Journey's End and Good Riddance to Russell Davies
Even allowing for different tastes, I'm astounded by Doug Chaplin's reaction to the Doctor Who season finale. The Stolen Earth/Journey's End goes down easily as the worst story of the entire new series. There was nothing good about it; nothing at all. The Dalek Supreme was impotent, and for the first time in any Davros story, I didn't feel like the Daleks' creator was a serious threat. The Daleks were disposed of far too easily and cheaply, with a cloud of last-minute, deus-ex-machina technobabble.
Really, it was one cop-out after another. I knew the regeneration would be bogus (and that it would lamely involve the Doctor's right hand) but it could have been sidestepped with more creativity than that! The Doctor-Donna business DIDN'T. WORK. AT. ALL. Donna as a motormouth Time-Lord was as offensive as the fishwife Donna from The Runaway Bride, and I completely lost the empathy I'd built up for her over the entire season. We didn't even get to see the Daleks exterminate anyone, save the indestructible Captain Jack.
Rose (like all the other returning companions) had virtually nothing to do, and the epilogue at Bad Wolf Bay made a complete mockery of her season-two swan song. As if things couldn't get worse, the Doctor double was the lowest point of all, and the fact that's he's half human was horribly contrived to provide the cheap fairy tale ending at Bad Wolf Bay. Rose gets her Time Lord lover after all. Good night.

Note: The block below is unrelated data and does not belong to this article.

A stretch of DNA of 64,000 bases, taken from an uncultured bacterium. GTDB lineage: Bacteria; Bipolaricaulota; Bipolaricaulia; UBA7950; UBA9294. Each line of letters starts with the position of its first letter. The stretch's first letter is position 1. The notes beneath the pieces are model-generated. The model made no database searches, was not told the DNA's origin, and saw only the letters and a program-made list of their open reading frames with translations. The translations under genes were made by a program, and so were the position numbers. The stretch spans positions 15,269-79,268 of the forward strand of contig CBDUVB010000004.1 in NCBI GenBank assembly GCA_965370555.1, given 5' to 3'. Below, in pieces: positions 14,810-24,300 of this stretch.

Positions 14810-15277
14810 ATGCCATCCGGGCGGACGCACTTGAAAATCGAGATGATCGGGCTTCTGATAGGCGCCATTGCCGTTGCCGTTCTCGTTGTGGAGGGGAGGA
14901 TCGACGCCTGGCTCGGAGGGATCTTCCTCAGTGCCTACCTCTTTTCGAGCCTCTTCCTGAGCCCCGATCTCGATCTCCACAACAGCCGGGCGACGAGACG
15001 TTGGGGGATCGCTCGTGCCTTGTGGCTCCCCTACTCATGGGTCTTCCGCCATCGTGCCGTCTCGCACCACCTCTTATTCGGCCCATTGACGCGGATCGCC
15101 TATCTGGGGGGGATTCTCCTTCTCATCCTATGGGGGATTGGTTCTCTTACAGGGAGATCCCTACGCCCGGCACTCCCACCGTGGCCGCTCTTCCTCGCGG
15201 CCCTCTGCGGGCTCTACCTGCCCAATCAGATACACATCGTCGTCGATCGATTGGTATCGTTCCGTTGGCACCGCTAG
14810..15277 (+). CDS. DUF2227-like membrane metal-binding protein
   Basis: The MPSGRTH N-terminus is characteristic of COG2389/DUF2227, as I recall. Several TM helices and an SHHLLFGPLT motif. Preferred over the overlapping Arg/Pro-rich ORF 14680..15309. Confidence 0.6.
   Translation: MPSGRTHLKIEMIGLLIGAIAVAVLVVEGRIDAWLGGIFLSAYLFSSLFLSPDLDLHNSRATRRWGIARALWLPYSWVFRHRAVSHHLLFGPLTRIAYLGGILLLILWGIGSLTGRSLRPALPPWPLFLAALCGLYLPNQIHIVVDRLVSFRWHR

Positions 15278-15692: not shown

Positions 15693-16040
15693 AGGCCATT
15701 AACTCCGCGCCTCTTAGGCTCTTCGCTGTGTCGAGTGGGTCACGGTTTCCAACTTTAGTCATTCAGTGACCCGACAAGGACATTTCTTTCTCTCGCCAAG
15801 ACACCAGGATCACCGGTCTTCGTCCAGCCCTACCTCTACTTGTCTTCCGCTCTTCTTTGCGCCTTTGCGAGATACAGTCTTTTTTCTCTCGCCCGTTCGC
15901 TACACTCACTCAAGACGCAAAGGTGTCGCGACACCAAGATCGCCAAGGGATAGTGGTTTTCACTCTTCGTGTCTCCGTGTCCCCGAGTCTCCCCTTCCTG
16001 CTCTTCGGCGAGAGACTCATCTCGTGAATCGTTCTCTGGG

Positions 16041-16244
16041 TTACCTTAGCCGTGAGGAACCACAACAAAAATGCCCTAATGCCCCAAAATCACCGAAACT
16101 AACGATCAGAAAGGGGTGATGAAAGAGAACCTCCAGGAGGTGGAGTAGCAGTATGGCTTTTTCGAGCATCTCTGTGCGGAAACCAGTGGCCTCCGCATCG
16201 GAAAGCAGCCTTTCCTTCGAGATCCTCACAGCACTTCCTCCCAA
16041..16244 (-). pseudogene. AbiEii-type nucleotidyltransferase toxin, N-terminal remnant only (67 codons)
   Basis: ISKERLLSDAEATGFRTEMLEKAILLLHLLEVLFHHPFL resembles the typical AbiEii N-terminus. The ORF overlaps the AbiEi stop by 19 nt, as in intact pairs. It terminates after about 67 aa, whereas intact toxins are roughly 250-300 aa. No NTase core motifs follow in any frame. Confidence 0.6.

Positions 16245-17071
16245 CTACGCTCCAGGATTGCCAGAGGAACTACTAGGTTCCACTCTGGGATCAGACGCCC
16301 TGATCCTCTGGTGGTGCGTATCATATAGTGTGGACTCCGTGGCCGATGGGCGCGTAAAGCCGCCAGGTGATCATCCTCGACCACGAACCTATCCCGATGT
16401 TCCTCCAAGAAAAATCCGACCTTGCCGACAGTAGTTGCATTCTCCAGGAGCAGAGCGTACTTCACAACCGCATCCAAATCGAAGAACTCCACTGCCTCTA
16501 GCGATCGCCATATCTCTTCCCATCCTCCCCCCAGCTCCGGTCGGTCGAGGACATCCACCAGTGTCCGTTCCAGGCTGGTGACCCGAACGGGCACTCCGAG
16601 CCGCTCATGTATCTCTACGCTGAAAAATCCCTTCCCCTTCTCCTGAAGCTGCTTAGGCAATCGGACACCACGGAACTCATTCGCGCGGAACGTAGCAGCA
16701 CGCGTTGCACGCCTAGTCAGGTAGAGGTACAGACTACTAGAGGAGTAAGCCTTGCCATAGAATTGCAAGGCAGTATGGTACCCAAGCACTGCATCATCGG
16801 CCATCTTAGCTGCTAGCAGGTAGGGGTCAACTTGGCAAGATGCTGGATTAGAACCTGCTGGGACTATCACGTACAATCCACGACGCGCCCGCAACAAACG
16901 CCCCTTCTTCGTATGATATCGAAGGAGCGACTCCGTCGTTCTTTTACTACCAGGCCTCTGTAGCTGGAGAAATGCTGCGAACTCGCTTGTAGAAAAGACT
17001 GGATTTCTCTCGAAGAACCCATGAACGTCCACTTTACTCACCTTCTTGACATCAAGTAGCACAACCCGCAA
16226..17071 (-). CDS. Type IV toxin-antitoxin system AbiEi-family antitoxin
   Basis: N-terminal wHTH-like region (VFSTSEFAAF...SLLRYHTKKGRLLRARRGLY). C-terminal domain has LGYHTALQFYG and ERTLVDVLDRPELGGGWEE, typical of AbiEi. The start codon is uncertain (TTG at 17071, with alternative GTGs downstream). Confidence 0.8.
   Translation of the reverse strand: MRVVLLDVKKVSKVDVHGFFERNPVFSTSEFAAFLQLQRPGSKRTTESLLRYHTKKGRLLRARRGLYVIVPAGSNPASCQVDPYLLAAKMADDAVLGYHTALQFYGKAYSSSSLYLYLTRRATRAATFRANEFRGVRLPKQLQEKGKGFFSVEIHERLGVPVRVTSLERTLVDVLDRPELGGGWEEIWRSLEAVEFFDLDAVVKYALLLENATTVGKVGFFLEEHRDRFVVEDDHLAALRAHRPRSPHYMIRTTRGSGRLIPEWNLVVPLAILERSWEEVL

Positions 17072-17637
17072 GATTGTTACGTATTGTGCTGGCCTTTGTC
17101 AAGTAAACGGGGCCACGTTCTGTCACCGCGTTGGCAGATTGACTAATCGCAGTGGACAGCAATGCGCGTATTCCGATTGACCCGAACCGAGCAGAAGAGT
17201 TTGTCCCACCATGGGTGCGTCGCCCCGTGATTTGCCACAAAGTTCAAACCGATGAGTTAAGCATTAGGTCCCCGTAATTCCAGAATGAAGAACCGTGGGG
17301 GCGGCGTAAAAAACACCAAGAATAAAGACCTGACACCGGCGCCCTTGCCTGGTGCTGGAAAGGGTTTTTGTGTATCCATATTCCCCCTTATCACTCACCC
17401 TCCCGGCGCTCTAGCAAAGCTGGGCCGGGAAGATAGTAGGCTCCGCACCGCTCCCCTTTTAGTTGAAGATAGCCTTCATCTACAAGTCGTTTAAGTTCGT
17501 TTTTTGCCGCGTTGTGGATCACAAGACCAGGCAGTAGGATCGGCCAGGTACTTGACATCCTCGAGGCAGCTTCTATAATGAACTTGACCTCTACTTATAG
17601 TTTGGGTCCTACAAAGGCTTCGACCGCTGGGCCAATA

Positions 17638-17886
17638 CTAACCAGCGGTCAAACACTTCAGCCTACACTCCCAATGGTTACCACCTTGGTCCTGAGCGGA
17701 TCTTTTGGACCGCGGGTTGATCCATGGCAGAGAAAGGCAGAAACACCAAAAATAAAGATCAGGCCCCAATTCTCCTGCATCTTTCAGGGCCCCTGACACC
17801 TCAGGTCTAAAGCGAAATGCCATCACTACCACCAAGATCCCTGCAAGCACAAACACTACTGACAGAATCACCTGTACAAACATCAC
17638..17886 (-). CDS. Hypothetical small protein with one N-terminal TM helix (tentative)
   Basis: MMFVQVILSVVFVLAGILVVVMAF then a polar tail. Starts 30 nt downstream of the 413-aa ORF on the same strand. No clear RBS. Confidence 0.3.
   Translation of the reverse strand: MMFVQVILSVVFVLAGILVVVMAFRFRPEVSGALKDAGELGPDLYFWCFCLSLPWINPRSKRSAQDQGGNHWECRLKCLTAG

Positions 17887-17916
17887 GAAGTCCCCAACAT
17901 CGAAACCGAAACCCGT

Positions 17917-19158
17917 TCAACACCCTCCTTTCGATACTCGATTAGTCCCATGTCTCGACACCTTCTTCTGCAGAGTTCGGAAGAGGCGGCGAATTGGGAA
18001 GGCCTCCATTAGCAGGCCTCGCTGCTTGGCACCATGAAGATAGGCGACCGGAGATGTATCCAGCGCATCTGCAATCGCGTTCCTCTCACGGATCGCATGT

Donna's fate was tragic, but I was unable to appreciate it because my emotional investment in the character was completely shattered in this story (so I just didn't care), and also because it was really a cop-out masked as tragedy. We have Dalek Caan repeatedly promising that one of the Doctor's companions would die, but the "death" turns out to be a figurative one (a memory wipe, and loss of her quasi-Time Lord status). This kind of maneuver worked once (for Rose at the end of season two, when she went to the parallel world and people from her world believed her to be dead), but not here. At this point it's become a transparent formula for jerking us around.
Honestly, if Russell Davies is going to trap the Doctor's best companion in a parallel universe and say she'll never see the Doctor again, he should have the balls to follow through with that. If he sets us up with repeated predictions about another companion dying, he should bloody well have the stones to kill someone. Does he think we're all five-year olds who can't handle good storytelling? Classic Who never copped out in so many ways; never pulled punches with body counts; never betrayed the audience so aggressively in every other frame.
The Den of Geek review gets it right with a comparison to the atrocious Superman films:
"If the ending of The Last Of The Time Lords was from Superman (with everything being rewound, and the reset switch being flicked), this was straight out of Superman II, as the Dalek's weapon was inevitably concentrated on themselves. Had Russell T. Davies stayed on for another series, then I'd dig out my copy of Superman III right now and save myself the bother of writing the end of series review in two years’ time. Combined with the bizarre sight of the Tardis pulling, well, an entire planet, it wasn’t anywhere near what last week had been tempting us with. That's being a little kind."You better believe it. It's impossible to be too harsh with this finale.
My full review of the fourth season will follow later today. It was a good season on whole, but unfortunately a bad finale casts a pall on the whole animal. It's important to go out strong, and Davies was able to do that in seasons one and two. He failed miserably in season three, and even more horribly in this one. As I said before: Godspeed and good riddance, Russell. It's time for new blood.